(This is the second part of the philosophical arguments for belief in God that compel me the most. You can click here to view Part 1.)
The Moral Argument. This argument can find its roots in philosophers such as Thomas Aquinas, Immanuel Kant, and it is also employed by C.S. Lewis in Mere Christianity. The argument goes as follows:
If God does not exist, then objective moral values do not exist.
Objective moral values do exist.
Therefore God exists.
Contemporary philosophers who defend various versions of the moral argument include David Baggett, Jerry Walls, and C. Stephen Evans. I like this argument because it affects so much of the everyday decisions we make in life. It cuts right to the heart of our choices, and in that way feels very practical and meaningful. The first premise is probably the most difficult to defend. However, even some atheists (like Friedrich Nietzsche) believe that apart from God morality is not objective. Rather, morality is just a social game, it is relative and ultimately illusory. Additionally, even if objective moral values did exist on the atheistic worldview, there is no moral accountability. Why should one choose to be kind to their neighbor and not cruel to their neighbor? Furthermore, due to the nature of morality it is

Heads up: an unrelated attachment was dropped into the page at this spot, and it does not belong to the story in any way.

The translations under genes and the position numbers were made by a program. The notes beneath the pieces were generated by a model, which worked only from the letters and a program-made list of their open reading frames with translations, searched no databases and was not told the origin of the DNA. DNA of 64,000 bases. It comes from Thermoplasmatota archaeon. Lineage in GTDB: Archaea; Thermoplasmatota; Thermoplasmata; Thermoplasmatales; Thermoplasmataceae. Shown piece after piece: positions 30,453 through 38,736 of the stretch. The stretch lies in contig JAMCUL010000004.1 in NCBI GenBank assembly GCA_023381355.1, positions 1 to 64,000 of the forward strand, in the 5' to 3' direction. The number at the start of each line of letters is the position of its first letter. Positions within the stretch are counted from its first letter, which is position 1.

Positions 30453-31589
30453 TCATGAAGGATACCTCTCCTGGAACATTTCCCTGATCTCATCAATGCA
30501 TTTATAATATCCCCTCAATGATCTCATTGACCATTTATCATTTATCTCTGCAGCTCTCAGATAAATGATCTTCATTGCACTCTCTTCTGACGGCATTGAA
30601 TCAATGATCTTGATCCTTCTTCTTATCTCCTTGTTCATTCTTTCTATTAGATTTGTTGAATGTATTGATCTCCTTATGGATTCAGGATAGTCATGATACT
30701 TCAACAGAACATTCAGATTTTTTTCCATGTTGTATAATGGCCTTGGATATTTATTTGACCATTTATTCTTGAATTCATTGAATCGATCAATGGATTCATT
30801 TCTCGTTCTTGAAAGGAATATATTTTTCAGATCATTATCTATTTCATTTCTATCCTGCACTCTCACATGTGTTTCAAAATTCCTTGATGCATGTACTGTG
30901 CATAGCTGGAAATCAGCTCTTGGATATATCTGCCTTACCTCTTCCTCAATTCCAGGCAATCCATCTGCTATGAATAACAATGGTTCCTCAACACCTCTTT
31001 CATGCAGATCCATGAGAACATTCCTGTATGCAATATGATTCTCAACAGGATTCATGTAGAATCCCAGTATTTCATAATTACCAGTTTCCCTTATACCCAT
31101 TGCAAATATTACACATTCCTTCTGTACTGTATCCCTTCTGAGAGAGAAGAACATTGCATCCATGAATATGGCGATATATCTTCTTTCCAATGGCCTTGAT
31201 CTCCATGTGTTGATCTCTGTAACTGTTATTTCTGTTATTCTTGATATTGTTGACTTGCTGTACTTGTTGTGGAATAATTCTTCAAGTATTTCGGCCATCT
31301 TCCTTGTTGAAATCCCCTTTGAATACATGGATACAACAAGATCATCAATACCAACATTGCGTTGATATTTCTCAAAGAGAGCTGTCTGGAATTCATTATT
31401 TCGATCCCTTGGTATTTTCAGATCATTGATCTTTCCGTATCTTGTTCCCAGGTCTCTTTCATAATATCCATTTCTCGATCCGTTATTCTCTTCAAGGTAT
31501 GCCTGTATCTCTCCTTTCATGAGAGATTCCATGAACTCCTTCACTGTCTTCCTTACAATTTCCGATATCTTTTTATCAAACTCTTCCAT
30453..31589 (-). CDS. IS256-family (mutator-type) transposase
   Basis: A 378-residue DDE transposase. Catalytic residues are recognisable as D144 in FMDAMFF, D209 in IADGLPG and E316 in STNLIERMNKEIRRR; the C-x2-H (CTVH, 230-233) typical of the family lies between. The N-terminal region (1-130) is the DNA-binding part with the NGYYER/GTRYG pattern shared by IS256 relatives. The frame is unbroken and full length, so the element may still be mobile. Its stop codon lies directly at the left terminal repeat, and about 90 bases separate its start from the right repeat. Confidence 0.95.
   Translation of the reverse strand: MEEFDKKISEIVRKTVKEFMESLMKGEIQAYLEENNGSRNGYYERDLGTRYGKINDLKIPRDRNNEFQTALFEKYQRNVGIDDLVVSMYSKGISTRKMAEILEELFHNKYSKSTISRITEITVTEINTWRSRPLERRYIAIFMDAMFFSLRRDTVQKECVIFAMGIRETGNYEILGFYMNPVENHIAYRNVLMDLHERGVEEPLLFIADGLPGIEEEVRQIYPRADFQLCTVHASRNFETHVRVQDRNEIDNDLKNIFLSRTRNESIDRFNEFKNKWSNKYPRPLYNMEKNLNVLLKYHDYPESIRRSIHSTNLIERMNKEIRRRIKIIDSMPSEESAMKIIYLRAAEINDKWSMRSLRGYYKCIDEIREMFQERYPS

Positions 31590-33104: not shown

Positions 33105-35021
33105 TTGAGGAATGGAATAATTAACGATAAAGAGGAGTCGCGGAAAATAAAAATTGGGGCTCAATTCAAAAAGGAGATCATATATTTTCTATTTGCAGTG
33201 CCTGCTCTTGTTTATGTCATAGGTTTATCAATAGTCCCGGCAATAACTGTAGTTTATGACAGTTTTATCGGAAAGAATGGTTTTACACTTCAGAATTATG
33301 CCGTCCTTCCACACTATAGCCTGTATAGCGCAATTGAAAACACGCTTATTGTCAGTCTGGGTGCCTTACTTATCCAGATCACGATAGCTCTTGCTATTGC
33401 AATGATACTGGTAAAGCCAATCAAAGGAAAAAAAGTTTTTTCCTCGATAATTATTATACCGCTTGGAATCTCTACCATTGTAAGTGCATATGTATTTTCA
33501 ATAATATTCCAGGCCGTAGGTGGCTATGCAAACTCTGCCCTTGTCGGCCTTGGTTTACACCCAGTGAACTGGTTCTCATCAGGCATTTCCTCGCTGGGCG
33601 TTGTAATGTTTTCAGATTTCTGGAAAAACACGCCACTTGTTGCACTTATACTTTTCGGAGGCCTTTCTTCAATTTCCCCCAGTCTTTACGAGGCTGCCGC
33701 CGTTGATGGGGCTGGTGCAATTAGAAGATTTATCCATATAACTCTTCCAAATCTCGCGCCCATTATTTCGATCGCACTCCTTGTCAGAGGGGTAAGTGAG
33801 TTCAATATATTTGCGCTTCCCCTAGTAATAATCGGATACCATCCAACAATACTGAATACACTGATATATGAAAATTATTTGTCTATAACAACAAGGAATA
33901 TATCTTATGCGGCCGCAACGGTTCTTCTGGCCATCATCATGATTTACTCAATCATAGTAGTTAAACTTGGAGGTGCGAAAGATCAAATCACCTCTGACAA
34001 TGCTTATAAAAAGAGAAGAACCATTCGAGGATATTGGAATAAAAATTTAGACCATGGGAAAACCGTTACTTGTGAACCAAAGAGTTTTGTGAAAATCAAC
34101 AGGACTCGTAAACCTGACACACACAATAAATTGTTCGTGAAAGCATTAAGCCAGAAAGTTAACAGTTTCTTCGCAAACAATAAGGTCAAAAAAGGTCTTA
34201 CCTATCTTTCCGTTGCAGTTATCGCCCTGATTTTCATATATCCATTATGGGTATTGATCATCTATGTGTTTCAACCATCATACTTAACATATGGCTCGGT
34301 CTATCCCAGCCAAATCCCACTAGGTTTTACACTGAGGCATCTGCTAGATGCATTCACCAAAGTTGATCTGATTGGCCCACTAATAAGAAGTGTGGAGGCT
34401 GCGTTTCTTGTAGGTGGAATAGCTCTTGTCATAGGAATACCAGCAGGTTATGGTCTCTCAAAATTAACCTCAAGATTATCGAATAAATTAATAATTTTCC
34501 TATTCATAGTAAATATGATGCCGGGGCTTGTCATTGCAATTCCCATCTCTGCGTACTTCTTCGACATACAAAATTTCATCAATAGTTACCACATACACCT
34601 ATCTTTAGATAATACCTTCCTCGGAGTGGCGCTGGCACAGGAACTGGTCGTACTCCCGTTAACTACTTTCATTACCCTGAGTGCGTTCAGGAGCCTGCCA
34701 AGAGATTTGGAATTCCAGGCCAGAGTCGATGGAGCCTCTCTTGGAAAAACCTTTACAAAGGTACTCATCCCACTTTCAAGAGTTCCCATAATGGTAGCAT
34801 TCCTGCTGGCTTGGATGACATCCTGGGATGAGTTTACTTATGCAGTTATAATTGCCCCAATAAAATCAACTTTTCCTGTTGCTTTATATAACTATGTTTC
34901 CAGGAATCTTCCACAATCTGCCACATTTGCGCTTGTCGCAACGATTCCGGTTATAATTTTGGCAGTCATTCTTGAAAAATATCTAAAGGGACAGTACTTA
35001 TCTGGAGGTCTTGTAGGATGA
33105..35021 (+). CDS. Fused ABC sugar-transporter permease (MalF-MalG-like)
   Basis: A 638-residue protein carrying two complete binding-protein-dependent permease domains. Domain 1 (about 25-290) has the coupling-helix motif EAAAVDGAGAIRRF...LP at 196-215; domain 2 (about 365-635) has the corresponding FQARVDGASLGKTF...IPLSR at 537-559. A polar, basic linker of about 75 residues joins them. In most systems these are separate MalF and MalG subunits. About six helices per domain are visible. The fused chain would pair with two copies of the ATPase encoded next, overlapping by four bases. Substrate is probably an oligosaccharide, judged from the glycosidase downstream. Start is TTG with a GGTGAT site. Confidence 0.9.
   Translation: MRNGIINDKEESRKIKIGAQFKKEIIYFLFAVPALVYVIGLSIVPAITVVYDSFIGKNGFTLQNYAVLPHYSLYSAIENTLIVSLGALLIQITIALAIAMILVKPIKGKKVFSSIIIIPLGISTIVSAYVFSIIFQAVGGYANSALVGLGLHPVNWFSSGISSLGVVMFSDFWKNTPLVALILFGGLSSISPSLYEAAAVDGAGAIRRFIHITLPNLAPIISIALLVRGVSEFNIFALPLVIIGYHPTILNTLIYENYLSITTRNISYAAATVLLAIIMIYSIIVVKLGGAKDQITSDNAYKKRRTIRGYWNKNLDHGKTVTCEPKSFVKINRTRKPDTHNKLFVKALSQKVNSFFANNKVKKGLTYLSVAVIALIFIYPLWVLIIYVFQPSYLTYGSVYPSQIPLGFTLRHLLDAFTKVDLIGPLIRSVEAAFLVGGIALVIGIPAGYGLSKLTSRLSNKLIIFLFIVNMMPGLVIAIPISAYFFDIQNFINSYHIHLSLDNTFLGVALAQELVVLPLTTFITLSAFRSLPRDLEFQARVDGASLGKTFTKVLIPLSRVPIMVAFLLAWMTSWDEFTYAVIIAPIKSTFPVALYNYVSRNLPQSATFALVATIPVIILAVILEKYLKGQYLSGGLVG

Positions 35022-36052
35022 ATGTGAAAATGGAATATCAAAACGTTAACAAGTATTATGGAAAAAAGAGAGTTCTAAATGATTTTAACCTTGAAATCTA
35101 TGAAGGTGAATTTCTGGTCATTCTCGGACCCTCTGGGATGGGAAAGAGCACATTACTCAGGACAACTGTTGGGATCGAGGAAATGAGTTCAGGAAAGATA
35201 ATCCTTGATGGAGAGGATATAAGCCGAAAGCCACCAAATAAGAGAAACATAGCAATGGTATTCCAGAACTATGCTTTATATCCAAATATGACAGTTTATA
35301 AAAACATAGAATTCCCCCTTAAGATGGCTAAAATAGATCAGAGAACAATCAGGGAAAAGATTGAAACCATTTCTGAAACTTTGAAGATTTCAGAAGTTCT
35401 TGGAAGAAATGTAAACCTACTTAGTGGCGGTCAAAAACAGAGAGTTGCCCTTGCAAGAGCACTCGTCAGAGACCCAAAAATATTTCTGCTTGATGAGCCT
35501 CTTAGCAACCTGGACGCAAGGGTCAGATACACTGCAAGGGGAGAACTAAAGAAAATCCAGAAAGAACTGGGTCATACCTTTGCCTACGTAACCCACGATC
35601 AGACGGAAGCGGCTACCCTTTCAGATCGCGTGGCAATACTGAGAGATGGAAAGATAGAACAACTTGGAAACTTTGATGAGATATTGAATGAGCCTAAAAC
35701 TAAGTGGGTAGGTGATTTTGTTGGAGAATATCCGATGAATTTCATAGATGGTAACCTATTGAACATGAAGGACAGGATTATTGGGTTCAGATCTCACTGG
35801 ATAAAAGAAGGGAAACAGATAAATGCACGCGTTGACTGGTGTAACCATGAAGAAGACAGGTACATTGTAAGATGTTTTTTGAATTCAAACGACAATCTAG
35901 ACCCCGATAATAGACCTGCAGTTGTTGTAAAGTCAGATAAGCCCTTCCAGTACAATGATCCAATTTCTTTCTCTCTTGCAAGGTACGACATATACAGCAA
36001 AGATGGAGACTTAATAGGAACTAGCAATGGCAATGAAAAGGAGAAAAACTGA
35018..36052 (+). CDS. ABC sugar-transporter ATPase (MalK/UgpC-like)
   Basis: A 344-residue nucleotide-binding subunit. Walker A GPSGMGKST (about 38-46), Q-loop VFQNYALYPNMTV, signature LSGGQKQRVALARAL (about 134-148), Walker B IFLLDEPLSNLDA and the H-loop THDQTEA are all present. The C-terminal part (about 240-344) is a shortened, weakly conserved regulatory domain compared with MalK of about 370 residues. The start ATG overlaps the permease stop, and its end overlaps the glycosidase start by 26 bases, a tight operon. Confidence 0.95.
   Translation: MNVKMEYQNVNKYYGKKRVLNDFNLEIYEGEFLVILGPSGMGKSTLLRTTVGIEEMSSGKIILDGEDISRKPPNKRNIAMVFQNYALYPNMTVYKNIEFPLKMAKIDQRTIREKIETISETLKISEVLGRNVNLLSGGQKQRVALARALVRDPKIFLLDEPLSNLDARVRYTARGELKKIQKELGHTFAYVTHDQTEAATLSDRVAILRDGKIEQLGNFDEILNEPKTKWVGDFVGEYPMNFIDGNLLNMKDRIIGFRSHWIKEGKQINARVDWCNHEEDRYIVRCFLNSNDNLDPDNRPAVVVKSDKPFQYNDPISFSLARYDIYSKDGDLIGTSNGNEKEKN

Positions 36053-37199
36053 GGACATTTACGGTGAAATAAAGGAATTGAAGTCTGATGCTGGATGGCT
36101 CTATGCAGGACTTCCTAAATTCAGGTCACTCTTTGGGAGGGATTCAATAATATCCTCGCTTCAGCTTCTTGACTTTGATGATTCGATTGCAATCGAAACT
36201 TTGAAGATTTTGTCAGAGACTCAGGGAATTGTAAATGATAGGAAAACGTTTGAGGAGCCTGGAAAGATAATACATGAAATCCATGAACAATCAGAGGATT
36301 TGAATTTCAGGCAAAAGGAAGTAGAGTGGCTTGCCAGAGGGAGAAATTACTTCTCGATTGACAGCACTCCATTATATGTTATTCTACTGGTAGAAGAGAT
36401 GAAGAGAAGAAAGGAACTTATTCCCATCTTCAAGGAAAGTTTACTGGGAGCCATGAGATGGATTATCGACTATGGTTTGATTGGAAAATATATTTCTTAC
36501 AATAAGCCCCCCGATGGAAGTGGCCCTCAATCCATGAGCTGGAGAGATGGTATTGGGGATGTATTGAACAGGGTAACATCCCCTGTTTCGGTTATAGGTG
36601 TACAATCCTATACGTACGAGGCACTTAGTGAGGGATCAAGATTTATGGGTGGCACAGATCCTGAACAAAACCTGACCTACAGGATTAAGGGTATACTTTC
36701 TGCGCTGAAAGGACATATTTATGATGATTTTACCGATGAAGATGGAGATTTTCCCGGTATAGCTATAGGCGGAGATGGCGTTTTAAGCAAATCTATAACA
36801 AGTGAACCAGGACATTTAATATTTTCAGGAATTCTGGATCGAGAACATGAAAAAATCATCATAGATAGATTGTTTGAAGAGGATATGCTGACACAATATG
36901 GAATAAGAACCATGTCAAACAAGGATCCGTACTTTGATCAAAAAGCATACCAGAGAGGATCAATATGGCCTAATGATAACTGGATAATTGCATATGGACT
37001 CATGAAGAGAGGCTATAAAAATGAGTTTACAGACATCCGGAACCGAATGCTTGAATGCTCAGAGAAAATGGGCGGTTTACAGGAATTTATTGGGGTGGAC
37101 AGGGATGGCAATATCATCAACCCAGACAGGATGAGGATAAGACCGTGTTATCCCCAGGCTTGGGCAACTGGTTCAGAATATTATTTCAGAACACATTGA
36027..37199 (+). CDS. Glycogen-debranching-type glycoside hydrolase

evident that one ought to do certain things and ought not do other things,
which seems to imply some kind of command to whom the duty is owed. So, I think the premise is warranted. What about the second premise that objective moral values do exist? I think that this premise is evidently true. Good and evil really do exist; they aren’t just social conventions. How could we talk about moral progress if they didn’t? To say that society has gotten better or improved is to hold it up to some moral standard. Additionally, how could we condemn acts as really evil, if evil was simply relative. As William Lane Craig points out, “The holocaust was objectively wrong even though the Nazis thought it was right, and it would still have been even if the Nazis had won the war and brainwashed everyone who disagreed with them.” So it seems undoubtedly clear that objective moral values exist. Thus, God exists.
Why I believe in God, Evangelical Anglican, Malayalee Pentecostal, Charismatic Anglican, Gordon-Conwell Theological Seminary, Natural Theology, Evangelical Philosophy, Philosophical Theology, Theistic Arguments, Philosophy of Religion, Moral Argument, Axiological Argument
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